Glassers Noncoercive Discipline
Psychologist William Glassers work discusses
teaching strategies promoting student involvement through motivation
rather than coercion. He highlights how quality teaching, learning and curriculum meet
student needs providing intrinsic motivation.
Low test scores, lack of student interest, behavior problems
and police on school campuses illustrate the importance of Glassers
focus on developing student interest and a reevaluation of traditional
Like any other bureaucracy, the influence of industry on
school institutions corrupts their original goal:
an educated populace.
Ideally schools increase success, self-worth, relationships
and meaningful education for all students.
Focus on standardized curriculum and mechanized views of
students as cogs in an efficient factory create school environments
no more than 15 percent of high school
students do quality work (Glasser, Control Theory in
the Classroom, 1986). Students view their schoolwork as meaningless,
boring and to no surprise feel content doing minimal work. Frustrated teachers set more tasks, standards
and rigid structures for what it is students must learn neglecting
their basic needs.
education increases student survival, belonging, power, fun and
freedom. Students learn skills necessary to earn a living
and obtain food, shelter and a safe environment. They develop individual roles in modern society
beginning with involvement (or lack of it) in classroom activities.
Students feel important when other individuals value their
opinions or abilities. They desire interesting intellectual and social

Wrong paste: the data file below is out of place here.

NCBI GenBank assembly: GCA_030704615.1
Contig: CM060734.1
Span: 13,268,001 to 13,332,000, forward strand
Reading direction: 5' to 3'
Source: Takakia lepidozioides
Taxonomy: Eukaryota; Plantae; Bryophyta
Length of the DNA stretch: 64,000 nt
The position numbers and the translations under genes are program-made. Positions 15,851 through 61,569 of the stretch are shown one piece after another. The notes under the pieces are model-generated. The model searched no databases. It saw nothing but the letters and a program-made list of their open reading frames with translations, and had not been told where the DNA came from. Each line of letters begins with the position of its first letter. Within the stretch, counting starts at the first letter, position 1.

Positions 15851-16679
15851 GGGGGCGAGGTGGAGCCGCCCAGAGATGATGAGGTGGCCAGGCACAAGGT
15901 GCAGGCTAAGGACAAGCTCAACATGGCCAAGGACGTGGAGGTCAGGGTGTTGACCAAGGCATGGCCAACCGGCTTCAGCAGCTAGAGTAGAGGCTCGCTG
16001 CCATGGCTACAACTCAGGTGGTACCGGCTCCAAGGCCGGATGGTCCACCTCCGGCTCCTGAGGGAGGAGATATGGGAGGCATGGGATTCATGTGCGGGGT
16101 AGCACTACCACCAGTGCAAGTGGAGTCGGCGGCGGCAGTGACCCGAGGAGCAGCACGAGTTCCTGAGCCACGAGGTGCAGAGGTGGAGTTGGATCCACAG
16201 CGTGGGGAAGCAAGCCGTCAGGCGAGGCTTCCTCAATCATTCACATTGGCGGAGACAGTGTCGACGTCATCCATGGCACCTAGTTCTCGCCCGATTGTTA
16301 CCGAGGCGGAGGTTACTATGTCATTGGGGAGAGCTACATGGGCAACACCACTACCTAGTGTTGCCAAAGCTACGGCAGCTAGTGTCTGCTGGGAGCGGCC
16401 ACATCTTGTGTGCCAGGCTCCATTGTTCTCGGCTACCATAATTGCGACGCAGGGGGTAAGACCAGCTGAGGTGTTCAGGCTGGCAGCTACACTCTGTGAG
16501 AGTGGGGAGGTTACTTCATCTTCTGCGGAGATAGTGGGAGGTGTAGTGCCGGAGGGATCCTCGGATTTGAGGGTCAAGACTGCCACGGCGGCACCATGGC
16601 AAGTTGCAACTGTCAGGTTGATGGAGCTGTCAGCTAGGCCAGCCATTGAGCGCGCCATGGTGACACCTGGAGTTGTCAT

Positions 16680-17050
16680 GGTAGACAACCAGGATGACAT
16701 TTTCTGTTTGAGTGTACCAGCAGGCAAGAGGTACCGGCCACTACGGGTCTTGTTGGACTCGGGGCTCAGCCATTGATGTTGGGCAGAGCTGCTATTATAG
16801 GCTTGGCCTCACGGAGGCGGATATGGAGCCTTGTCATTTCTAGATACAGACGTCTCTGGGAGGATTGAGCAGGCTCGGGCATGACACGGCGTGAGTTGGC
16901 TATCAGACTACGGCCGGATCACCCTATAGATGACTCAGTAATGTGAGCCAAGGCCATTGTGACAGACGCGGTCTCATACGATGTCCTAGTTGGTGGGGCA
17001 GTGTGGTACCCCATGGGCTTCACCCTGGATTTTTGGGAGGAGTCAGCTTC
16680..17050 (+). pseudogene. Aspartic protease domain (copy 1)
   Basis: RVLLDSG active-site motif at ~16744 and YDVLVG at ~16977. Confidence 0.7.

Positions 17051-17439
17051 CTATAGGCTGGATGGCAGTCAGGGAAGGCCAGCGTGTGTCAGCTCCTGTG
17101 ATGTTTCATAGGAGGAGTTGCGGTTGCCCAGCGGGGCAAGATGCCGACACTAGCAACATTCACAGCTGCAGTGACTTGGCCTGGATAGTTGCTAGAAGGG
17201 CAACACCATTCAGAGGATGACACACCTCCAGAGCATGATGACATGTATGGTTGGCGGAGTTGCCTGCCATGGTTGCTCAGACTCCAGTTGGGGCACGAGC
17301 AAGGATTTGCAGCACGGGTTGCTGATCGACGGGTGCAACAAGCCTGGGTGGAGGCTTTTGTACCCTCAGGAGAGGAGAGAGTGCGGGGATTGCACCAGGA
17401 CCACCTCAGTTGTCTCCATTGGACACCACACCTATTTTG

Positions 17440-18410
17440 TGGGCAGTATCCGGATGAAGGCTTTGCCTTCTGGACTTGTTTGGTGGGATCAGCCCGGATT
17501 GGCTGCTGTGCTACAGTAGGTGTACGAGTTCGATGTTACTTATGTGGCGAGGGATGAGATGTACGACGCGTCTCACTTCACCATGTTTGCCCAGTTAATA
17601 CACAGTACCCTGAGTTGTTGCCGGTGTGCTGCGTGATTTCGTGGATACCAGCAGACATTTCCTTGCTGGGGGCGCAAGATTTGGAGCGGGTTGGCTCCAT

activities with opportunities for sharing their accomplishments. Students as individuals need freedom of choice,
self-direction and responsibility.
Effective teaching addresses these student needs directly
utilizing their intrinsic motivation.
curriculum overemphasizes memorization of irrelevant facts, fragmented
information, and standardized tests.
Quality curriculum provides enjoyable, meaningful
experiences and greater depth of understanding in the context
of daily student life. Supportive classrooms value individual student feelings and opinions,
allowing students choices concerning their education. Teachers require memorization only when it
relates directly to meaningful, necessary, or desirable skills. Teachers reduce the focus on grades and the
idea of finished assignments allowing continual student progress
towards higher quality work and personal satisfaction.
Students evaluate, improve and share their work. They suggest possible consequences for poor
student behavior focusing on solving problems instead of punishment
or blame. These techniques
encourage greater student value for curriculum.
suggestions require minimal changes in curriculum and major changes
in methods of teaching. Lead
teachers discuss interesting topics, utilizing every opportunity
to engage students. They emphasize quality teaching and learning
through exploration and demonstration of interesting student topics
and actively seeking answers to student questions.
Quality teachers demonstrate rather than dictate, ask questions
rather than give commands, focus on meaningful ideas rather than
insignificant facts and provide flexible learning environments
necessary for curriculum driven by students needs.
They act as problem solver instead of adversary when faced
with student misbehavior. Lead teachers consistently work
to provide a quality education for all students.
advocates quality teaching, curriculum, and student
work with intrinsic value for students instead of traditional
dictation of standard curriculum decided by society.
The current political environment, with its demands for
teacher and student accountability, compounds difficulties in
initiating Glassers Noncoercive Discipline. Teachers struggle to survive in todays
overcrowded classrooms without proper materials and support. Surviving teachers eventually learn and utilize
student motivation creating more enjoyable and educational environments